That said, I have had a couple of bikes with valve lifters. They both had attracted complicated starting instructions, but in the end I found that the easiest way was to ease them over TDC, then give a mighty kick, releasing the valve lifter about halfway through. This worked for me nearly every time.

Last edited by sammysnail; 04/15/21 11:45 am.

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Originally Posted by sammysnail
That said, I have had a couple of bikes with valve lifters. They both had attracted complicated starting instructions, but in the end I found that the easiest way was to ease them over TDC, then give a mighty kick, releasing the valve lifter about halfway through. This worked for me nearly every time.

I've started quite a few valve-lifter-equipped singles, and the starting process seems to be the same for most.

The two times I started a Vincent 1000cc twin, the directions were "Ease it up to compression, pull the compression release and hold it, give it a good kick, and halfway through, let go the compression release. If you try to start it like a single, it'll bite your ankle ..."

Worked well! Every bike has its own deal ...

Lannis


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Sammy's story about the hard-to-start Velo reminds me of my 1960s friend Kenny, who rode a '66 Harley XLCH magneto equipped "Sportster".....
.....WHENEVER he managed get it started.

One July day in 85 degree F. temperatures I counted him jump about a hundred times on the kickstart before it finally fired and ran.

The real laughs began when he settled down on the seat and said "Finest motorcycles ever built!"

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Originally Posted by Irish Swede
Sammy's story about the hard-to-start Velo reminds me of my 1960s friend Kenny, who rode a '66 Harley XLCH magneto equipped "Sportster".....
.....WHENEVER he managed get it started.

One July day in 85 degree F. temperatures I counted him jump about a hundred times on the kickstart before it finally fired and ran.

The real laughs began when he settled down on the seat and said "Finest motorcycles ever built!"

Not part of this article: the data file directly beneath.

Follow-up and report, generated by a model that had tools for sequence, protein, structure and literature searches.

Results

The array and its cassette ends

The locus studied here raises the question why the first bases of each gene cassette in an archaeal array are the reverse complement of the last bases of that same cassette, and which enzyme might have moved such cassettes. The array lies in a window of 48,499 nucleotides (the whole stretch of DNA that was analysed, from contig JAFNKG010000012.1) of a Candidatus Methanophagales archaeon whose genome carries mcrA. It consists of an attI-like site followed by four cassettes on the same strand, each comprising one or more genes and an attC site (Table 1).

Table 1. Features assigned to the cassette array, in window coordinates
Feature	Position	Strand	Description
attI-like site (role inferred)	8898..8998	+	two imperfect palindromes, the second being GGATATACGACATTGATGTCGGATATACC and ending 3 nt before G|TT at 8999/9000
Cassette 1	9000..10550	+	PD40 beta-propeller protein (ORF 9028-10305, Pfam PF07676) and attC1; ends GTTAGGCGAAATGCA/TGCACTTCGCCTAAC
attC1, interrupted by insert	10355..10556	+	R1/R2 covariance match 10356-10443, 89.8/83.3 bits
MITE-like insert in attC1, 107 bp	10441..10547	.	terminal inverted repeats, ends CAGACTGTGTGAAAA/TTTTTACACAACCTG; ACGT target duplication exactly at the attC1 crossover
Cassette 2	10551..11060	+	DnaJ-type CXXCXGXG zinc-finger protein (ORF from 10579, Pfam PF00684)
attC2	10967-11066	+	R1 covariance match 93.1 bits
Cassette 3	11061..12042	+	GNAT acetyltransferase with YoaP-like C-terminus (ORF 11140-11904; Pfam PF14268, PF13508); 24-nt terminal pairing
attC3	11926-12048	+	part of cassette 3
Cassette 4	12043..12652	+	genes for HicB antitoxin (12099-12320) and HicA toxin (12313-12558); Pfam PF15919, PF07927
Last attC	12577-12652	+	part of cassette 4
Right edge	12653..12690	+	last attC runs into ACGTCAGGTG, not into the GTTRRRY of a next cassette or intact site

I remember my Enfield giving me a similar workout one fine summer day. Even better is when after it started, unless you had someone to blip the throttle while you geared up, it would stall about the time you got the jacket zipped and the helmet strapped on.


1960 BSA A10
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Originally Posted by MikeG
Originally Posted by Irish Swede
Sammy's story about the hard-to-start Velo reminds me of my 1960s friend Kenny, who rode a '66 Harley XLCH magneto equipped "Sportster".....
.....WHENEVER he managed get it started.

One July day in 85 degree F. temperatures I counted him jump about a hundred times on the kickstart before it finally fired and ran.

The real laughs began when he settled down on the seat and said "Finest motorcycles ever built!"

I remember my Enfield giving me a similar workout one fine summer day. Even better is when after it started, unless you had someone to blip the throttle while you geared up, it would stall about the time you got the jacket zipped and the helmet strapped on.

LOL, When I showed my '70 Interceptor at local car/bike shows, I'd have old-er guys come up to me and reminisce about "back in the day"when either they owned an RE or their buddy did. EVERY one said the same thing: when they ran, they ran really well. But they were SOBs to start !


They say every dog has his day..
Trouble is, nobody tells the dog which day it is !

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Originally Posted by oilyamerican
Originally Posted by MikeG
Originally Posted by Irish Swede
Sammy's story about the hard-to-start Velo reminds me of my 1960s friend Kenny, who rode a '66 Harley XLCH magneto equipped "Sportster".....
.....WHENEVER he managed get it started.